Death toll rises in China coal mine blast

Rescuers search for survivors at a coal mine after a gas explosion in Panzhihua in China's Sichuan province Wednesday.

Story highlights

  • Within an hour of the blast, 104 rescued, city says
  • Owner of the mine taken into police custody, state media cite sources as saying
  • Last year, 1,970 people killed in some 1,200 mining accidents, government says
The death toll from a gas blast at a coal mine in the southwestern Chinese province of Sichuan rose to 19, with 28 miners still trapped underground, according to the local city government.
A total of 154 miners were working underground when the accident occurred Wednesday at around 6 p.m. at Xiaojiawan Coal Mine, according to Panzhihua city's official account on Sina Weibo, China's equivalent of Twitter.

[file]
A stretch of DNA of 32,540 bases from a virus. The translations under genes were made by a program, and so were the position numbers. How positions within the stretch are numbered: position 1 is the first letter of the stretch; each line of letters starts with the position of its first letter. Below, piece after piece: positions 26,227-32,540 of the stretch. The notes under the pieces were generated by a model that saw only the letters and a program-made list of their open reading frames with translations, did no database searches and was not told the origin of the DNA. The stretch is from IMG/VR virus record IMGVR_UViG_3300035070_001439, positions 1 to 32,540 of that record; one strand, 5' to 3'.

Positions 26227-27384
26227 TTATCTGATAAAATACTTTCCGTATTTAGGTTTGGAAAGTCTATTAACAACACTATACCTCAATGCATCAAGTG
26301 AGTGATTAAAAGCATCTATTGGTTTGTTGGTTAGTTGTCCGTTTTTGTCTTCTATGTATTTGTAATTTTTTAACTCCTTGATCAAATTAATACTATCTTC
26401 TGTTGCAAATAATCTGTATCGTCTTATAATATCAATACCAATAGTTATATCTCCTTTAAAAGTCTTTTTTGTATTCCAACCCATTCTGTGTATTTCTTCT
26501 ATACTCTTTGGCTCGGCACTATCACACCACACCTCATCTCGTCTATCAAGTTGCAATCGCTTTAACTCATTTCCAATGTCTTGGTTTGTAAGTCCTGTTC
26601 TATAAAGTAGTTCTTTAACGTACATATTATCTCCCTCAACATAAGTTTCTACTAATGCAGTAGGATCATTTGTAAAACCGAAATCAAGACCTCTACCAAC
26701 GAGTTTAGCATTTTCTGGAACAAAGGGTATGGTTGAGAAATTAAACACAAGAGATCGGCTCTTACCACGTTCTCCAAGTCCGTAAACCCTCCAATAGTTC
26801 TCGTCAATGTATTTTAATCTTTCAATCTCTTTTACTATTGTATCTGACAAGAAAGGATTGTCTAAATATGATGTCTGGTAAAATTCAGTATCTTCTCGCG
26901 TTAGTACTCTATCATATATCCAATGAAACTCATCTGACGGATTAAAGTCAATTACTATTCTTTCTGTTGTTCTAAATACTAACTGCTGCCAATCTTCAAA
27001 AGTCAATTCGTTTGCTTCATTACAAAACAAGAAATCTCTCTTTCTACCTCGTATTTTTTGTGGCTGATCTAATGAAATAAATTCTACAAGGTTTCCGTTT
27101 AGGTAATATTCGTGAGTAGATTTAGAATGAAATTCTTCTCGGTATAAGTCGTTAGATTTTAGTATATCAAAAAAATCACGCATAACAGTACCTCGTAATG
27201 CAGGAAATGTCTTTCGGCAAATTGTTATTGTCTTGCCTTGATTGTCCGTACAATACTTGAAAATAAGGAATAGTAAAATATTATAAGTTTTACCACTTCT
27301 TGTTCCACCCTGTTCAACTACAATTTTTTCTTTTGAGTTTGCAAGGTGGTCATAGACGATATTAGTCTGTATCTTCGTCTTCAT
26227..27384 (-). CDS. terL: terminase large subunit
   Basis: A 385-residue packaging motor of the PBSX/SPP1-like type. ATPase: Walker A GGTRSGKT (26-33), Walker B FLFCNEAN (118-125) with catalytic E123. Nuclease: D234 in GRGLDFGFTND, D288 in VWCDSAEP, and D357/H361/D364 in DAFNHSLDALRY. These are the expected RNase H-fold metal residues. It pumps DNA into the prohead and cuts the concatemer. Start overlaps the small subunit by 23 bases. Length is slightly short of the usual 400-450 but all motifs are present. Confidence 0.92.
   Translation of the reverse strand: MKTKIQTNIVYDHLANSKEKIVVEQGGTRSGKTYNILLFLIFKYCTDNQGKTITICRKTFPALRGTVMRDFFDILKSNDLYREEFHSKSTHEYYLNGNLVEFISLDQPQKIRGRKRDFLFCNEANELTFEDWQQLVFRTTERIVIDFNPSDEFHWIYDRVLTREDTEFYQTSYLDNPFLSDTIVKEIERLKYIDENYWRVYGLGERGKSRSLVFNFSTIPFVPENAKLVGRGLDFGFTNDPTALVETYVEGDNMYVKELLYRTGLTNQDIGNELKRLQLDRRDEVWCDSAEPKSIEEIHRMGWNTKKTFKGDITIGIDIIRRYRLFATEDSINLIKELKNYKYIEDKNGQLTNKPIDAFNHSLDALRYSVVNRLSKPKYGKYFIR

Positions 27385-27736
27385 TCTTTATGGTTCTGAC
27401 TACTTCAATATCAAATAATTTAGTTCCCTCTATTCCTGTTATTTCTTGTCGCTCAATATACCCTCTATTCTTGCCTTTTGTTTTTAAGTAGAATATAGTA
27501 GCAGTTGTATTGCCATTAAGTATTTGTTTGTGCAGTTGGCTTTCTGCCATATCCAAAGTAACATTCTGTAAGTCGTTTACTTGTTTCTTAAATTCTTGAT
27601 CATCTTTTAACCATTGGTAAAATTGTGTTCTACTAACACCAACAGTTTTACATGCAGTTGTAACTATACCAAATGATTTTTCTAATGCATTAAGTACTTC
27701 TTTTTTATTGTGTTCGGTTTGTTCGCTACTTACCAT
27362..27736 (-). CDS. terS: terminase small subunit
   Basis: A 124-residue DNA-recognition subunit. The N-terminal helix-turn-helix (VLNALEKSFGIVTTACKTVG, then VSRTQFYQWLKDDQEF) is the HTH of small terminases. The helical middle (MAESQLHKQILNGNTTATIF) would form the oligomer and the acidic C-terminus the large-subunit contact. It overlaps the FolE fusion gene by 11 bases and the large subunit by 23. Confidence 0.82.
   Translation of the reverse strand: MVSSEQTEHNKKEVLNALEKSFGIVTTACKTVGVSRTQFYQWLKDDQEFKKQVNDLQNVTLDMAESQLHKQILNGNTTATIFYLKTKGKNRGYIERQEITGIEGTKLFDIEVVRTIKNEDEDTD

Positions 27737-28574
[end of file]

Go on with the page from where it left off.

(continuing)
Within an hour, 104 had been rescued, but three had died en route to the hospital, the city said.
Xinhua identifies the mine as belonging to Zhengjin Industry and Trade Co., Ltd. in Panzhihua.
The owner of the mine has been taken into police custody, pending an investigation, state media cited sources as saying.
China has an estimated 12,000 coal mines, according to state media, and the profession remains a deadly one.
Last year, 1,970 people were killed in some 1,200 mining accidents, State Administrative of Work Safety spokesman Huang Yi said at a news conference last week, according to the state-run China Daily newspaper.
As of August 20, more than 500 coal mine accidents occurred this year, claiming 832 lives, according to the administration's data cited by China Daily.